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Opinion

Assange confronting the costs of being a whistleblower 

By Gwynne Dyer       

The whistleblowers are among our last remaining checks on the contemptuous ease with which those who control the information seek to manipulate the rest of us.

Julian Assange, whose court hearing on a U.S. extradition request began on Monday at Woolwich crown court in east London, is facing 175 years in jail if Britain delivers him into American hands. Photograph courtesy of Cancillería del Ecuador via Flickr

LONDON, U.K.—The cost of being a whistleblower is going up. When Daniel Ellberg stole and published the Pentagon Papers in 1971, revealing the monstrous lies that the U.S. government was telling the American public about the Vietnam war, he was arrested and tried, but the court set him free.

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Easing of restrictions to non-U.S. travellers into Canada unlikely to be met with Trump backlash, could pave way for reopening of 49th parallel, say experts

News|By Neil Moss
'The core operating ideal within ... Ottawa is evidence-based policymaking and there are clearly other jurisdictions out there besides the U.S. that have done a better job in containing [the virus],' says Eric Miller.

WE Charity highlights loopholes for ‘celebrity’ and secret lobbying, warn observers who call for long overdue review

'I’m of the opinion that organizations understand the rules so well that we have seen that they will make sure they don't have to report if they don't want to,' says ethics scholar Ian Stedman.

Public services too ‘stretched’ to deliver student-grant program, says employment minister

Small Business Minister Mary Ng says the extent of her interactions with the organization was limited to that initial pitch, and did not extend to the since-cancelled contract for the student-grant program.

‘Weak’ trade growth in 2019 caused by ‘trade policy uncertainty’ and ‘mixed economic signals’, Global Affairs report suggests

News|By Neil Moss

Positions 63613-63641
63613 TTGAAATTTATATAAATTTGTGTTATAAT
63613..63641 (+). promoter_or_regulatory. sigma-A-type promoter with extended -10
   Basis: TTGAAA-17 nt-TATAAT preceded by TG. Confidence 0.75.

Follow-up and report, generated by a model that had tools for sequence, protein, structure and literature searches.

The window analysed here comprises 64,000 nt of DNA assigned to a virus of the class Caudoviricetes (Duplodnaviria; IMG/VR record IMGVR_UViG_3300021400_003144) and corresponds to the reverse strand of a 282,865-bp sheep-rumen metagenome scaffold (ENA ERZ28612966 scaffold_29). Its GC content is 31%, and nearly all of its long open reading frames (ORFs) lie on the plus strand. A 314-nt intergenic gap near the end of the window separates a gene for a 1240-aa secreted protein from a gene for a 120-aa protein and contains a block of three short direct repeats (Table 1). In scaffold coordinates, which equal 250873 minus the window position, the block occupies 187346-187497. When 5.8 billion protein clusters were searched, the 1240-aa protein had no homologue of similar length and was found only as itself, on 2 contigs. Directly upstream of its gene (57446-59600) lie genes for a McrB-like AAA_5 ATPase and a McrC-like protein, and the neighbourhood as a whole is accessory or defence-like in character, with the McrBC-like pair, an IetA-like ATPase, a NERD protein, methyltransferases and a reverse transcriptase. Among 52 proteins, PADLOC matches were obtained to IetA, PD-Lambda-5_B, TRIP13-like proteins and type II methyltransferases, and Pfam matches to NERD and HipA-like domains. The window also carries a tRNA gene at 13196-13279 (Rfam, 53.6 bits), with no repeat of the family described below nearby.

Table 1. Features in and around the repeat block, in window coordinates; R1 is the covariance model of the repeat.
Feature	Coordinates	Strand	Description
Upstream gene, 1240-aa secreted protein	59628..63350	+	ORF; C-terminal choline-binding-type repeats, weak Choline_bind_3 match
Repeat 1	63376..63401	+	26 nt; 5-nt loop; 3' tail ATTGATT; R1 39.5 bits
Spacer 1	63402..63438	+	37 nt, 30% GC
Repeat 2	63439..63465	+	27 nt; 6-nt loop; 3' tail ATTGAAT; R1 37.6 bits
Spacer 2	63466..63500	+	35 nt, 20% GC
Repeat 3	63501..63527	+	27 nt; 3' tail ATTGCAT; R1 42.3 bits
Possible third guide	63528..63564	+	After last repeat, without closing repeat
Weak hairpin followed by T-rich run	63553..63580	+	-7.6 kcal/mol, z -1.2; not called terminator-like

Canada's export growth with China declined by 16 per cent in 2019 and growth in exports to the United States slowed to 2.5 per cent.

Venezuela winter elections will be fraudulent, warns envoy, calling for continued support

Last November, Canada officially recognized Orlando Viera-Blanco, a representative of interim president Juan Guaidó, as the country’s ambassador.

Official Languages Committee to probe WE Charity deal

News|By Palak Mangat
Liberal MP Sherry Sherry Romanado, who voted along party lines to oppose the motion, says the probe falls outside the scope of the committee's mandate.

‘Extraterritorial reach’ of national security law in Hong Kong could have chilling effect on freedom of speech in Canada, say activists

News|By Beatrice Paez
Cherie Wong of the Alliance Canada Hong Kong says Canada’s intelligence and police agencies appear to be ill-equipped to respond to the 'malicious and sophisticated' ways in which Beijing allegedly suppresses criticism.

WE was ‘at no point’ creating a program for feds, says top bureaucrat

News|By Palak Mangat
'There were many sources. Public servants wanted to help; ministers wanted to help. A problem had been identified and a multitude of ideas were put forward,' says Privy Council Clerk Ian Shugart.

Upper Chamber staff harassment ‘more widespread,’ and could happen again, say former Don Meredith Senate employees

Sexual harassment is ‘more widespread’ in the Senate than the Don Meredith case, says one of his former staffers.
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